The median follow-up time for living patients was 41 months (range, 16-108). The median OS of all patients was 59 months. Median RFS, LRFS, and DMFS were 18, not reached, and 23 months, respectively. Five-year OS, RFS, LRFS, and DMFS were 48.9%, 31.6%, 66.4%, and 40.6%, respectively. A relapse after salvage treatment occurred in 41 (61.2%) patients during the follow-up period, and locoregional failure was detected in six patients (9.0%), distant metastasis in 30 patients (44.8%), and both failures in five patients (7.5%). During follow-up period, severe G-I complication over Grade III, associated with CRT, did not occur.
Analysis of prognostic factors
The univariate analysis of the effect of prognostic factors on clinical outcome is shown in Table 2. The presence of symptoms was a significant prognostic factor correlated with poor OS (p = 0.025), RFS (p = 0.007), LRFS (p = 0.003), and DMFS (p = 0.047). In contrast, age, gender, type of primary surgery, recurrence-free interval, recurrence history, recurrence site, pre-treatment CEA serum level, salvage treatment, chemotherapy regimen, resection margin, and radiation dose had no statistically significant effect on OS, RFS, LFS, or DMFS. In the multivariate analysis, the presence of symptoms was an independent prognostic factor predicting poor OS (p = 0.025; hazard ratio [HR], 3.46; 95% confidence interval [CI], 1.17-10.22), RFS (p = 0.017; HR, 3.04; 95% CI, 1.22-7.59), LRFS (p = 0.005; HR, 3.60; 95% CI, 1.48-8.80), and DMFS (p = 0.032; HR, 2.93; 95% CI, 1.10-7.89).
Comparison between CRT with and without surgery
No statistically significant difference was found in OS (p = 0.181), RFS (p = 0.113), LRFS (p = 0.379), or DMFS (p = 0.458) when clinical outcomes were compared between the CRT with surgery and definitive CRT without surgery groups. Figure 1 shows the OS and RFS curves for each group. The prognostic factors, as described above, were stratified by the two groups and are shown in Table 3. Significantly more patients with symptoms and an abnormal CEA level (> 5 ng/mL) received definitive CRT without surgery (p = 0.014, 0.009, respectively). The mean radiation dose was 54.6 BED2Gy in the CRT with surgery group, and 66.5 BED2Gy in the definitive CRT without surgery group (p < 0.001). In addition, post-operative RT dose was also different according to margins status. Patients with a positive resection margin received the higher radiation dose (mean dose, 57.5 BED2Gy) than patients with a negative resection margin (mean dose, 50.6 BED2Gy).
This study assessed whether CRT with or without surgery was effective in patients with LRRC and identified useful prognostic factors for the clinical setting. A 5-year OS of 48.9% and a LRFS of 66.4% was achieved; this outcome was better than previous multimodal treatment reports (5-yr OS of 25-36%, LRFS of 40-50%). However, DMFS was similar to the results of previous studies and was approximately 40-50% [6–8, 13–15]. When evaluating prognostic factors, symptoms related to LRRC have a significant effect on OS, RFS, LRFS, and DMFS. Pretreatment quality of life could be related to the clinical outcomes for many kinds of cancer and could be considered a potential prognostic factor. In other studies, symptoms related to LRRC have been reported as significant prognostic factors for a poor outcome [6, 7, 13] and such patients are considered a low possibility for radical resection . Hydronephrosis presenting in two patients indicated a lower chance for obtaining a negative resection margin . LRRC symptoms are a useful and readily assessable prognostic factor in the clinical setting.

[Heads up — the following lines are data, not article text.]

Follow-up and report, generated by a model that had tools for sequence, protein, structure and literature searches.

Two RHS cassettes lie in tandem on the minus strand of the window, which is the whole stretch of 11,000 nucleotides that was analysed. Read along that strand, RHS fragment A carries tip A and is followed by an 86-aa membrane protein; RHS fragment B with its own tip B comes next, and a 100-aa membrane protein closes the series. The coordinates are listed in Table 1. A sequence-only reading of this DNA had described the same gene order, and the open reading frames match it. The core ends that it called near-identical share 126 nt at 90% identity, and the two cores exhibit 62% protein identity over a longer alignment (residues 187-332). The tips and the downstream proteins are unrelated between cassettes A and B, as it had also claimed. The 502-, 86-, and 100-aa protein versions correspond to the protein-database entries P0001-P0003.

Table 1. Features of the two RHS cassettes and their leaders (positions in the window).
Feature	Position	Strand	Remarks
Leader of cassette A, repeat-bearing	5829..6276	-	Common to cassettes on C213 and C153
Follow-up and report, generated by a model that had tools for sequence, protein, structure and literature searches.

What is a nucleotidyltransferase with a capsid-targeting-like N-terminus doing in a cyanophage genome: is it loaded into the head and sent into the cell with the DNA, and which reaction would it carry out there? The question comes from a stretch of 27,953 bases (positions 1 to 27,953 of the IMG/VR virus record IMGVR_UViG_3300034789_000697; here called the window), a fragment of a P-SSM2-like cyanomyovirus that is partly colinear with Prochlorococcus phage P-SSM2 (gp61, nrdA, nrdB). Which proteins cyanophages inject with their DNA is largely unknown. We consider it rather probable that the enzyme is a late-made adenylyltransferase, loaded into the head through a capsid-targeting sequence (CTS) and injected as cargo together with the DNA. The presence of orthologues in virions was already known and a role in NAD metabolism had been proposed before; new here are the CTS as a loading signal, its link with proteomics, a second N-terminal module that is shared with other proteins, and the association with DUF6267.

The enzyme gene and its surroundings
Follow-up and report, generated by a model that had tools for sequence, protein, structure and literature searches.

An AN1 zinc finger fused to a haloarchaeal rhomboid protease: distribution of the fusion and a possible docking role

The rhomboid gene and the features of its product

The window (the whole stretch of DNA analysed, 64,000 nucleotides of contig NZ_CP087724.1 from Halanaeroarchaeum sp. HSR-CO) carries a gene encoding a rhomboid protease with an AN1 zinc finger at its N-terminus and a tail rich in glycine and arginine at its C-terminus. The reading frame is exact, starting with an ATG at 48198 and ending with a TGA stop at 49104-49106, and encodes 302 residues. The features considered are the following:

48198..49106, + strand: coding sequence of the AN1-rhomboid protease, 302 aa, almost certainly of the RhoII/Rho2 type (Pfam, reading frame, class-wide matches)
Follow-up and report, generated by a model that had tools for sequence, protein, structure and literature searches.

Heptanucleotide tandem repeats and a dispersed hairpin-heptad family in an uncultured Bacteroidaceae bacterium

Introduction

Another strength of the present study was that CRT was tailored to the individual risk of a residual tumor and the potential risk of a complication after an attempt at curative resection. The patients in the LRRC group were actually heterogeneous when considering resectability, the strongest factor affecting clinical outcome. Tumor location and the degree of local invasion affect resectability, and the posterior and lateral location, particularly including a sacral, ureteral, or iliac vessel invasion, are almost unresectable and cause marked postoperative disability [10, 17]. Many studies on multimodal LRRC treatment have attempted preoperative CRT to solve the problem of low resectability [6–9, 13, 18–20], and one of those studies demonstrated significantly increased resectability . However, resectability improved by preoperative CRT was still insufficient, at 30-60% [6–8, 13, 15, 18, 21]. The remaining 40-70% of patients with incompletely resected LRRC showed disappointing local control (30% 3-year LRFS), and this insufficient local control lead to a poor survival outcome of 10-16% for the 5-year OS [6, 8]. Moreover, the pre-operative CRT radiation dose was a uniform low dose of 30-50 Gy, but did not consider the risk of an unresectable or residual tumor. When local control is the prime goal of LRRC treatment, the radiation dose or CRT plan should be determined based on such risks for local failure and complication.